The reverse psychology tactic then morphed into an uncontrollable tick — spouting untruths about myself in an attempt to seem free and exciting, rather than “I like you.” And then it transitioned from tick to truth.
If you promote that you’re not a relationship person, you’re going to attract others of the same ilk. The oke I was informally – yet romantically – seeing for a casual dinner or two wasn’t going to morph into a steady boyfriend. If I eventually wanted a real commitment, it didn’t matter that we had the same taste in music, movies and craft beer. I’d selected somebody with the understanding of no strings attached. We were nothing but friends with benefits.
But I didn’t care all that much. I had so much to do while unshackled by kids or a bond or a husband to report back to, I reasoned. How could I move to Paris if I had a boyfriend who lived in Secunda, with his parents and 5 siblings? At 23, I decided marriage seemed antiquated. The word wife made me cringe. The idea of children was burdensome. My dating life would start, sputter and stop. Invariably relationships would end with my less than graceful exit. I’d actually become what was originally just a mask: terrified of commitment.
But then I had a series of revelations that left me both nauseous and liberated.
One was, I fell in love. I thought, If he’ll have me, I could spend the rest of my life with him. Loving him didn’t feel like giving up who I was. It felt like gaining something I never knew I could have. Once I felt this way, I was in uncharted territory. I hesitated, fearing my strong feelings would drive him away and our relationship lay dead on the table due to my inaction.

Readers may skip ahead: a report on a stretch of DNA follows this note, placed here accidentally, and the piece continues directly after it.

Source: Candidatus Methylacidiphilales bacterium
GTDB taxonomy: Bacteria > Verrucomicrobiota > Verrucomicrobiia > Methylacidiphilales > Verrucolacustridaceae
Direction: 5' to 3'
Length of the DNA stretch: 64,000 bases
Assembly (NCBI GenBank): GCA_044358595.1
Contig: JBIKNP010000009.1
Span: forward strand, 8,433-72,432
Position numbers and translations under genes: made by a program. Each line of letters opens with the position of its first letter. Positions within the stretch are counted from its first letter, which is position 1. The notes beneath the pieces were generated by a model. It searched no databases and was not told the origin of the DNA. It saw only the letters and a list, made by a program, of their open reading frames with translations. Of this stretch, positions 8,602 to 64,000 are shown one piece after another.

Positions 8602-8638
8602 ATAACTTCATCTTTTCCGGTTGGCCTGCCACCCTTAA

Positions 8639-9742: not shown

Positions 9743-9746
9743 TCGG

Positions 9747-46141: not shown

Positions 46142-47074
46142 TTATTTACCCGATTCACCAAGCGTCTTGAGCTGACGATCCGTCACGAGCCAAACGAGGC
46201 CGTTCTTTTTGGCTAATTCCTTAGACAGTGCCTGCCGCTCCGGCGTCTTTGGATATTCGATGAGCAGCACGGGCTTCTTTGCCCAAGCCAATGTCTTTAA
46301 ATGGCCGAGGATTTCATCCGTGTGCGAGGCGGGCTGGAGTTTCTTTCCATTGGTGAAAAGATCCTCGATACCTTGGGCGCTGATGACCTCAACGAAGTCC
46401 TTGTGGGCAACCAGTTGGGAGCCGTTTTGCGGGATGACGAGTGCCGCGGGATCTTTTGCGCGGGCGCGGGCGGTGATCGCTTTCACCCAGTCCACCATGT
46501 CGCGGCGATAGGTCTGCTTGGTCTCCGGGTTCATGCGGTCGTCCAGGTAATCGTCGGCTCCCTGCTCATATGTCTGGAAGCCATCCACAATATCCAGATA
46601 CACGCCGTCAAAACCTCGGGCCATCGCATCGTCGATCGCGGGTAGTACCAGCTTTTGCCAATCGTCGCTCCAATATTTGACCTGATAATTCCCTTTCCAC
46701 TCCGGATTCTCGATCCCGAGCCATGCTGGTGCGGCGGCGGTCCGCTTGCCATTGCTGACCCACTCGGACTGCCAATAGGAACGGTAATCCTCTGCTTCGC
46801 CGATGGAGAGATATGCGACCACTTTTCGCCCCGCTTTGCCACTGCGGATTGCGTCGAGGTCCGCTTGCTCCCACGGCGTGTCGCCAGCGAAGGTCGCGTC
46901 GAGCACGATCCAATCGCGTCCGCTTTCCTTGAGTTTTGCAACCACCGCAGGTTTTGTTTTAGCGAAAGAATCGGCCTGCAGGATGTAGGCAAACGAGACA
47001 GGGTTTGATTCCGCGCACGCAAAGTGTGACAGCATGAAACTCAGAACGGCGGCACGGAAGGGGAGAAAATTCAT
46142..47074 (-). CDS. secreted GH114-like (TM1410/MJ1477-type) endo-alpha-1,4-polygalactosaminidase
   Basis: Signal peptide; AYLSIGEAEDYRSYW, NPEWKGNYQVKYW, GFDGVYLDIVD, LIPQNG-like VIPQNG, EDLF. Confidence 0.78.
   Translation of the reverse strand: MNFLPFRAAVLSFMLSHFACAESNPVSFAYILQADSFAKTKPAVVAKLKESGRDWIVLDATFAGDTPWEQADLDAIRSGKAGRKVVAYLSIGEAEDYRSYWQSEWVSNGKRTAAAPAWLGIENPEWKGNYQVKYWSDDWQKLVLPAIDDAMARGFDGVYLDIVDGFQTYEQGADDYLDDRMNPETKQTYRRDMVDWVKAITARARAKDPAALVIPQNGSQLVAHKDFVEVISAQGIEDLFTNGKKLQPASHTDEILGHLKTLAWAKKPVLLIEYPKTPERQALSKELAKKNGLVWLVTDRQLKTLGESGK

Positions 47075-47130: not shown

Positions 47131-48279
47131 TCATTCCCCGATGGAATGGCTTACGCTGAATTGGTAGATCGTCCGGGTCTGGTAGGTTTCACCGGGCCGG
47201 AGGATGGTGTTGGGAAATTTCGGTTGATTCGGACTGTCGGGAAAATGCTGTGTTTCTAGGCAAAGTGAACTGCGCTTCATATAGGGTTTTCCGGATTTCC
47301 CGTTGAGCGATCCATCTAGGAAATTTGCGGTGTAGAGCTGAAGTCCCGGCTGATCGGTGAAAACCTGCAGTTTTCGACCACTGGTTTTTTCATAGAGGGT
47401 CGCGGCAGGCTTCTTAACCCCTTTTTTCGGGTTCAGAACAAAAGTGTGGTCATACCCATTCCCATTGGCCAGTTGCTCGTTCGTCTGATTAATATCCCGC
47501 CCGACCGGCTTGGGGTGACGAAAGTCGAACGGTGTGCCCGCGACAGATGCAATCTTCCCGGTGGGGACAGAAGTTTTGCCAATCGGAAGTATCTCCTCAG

The other was turning an age that shook my current path and progress and begged the question, “Is this where I want to be?” Some friends at 28 are in the same boat. Others like the two aforementioned have been in relationships six times as long as my longest, and they’re making terrifyingly mature decisions.
I’ve realized that I don’t need to be where my friends are – life isn’t a competition. Nor do I have to share their desires. However, I do need to know what I want. Not craft an identity fit for the man I’m seeking. Years of exclaiming that I didn’t want commitment, shedding “girly crazy” like a snake sheds skin, was just a defence mechanism to avoid potential hurt while hoping to snag a man.
I’ve begun to narrow down what I do and don’t want. I don’t want to live in South Africa for ever. I’d rather not own a car. I hate driving. I’m still unsure about kids.
I do want to be in love. I do want to have the tough conversations that come with it. I do want to be somebody’s girlfriend. I do want to be sent flowers. I do want to take last-minute trips. I do want to fight and know that reconciliation will follow. I do want to cook with someone. And if I should follow through with a longtime dream, maybe my partner will join me in Paris. And really, that isn’t so crazy.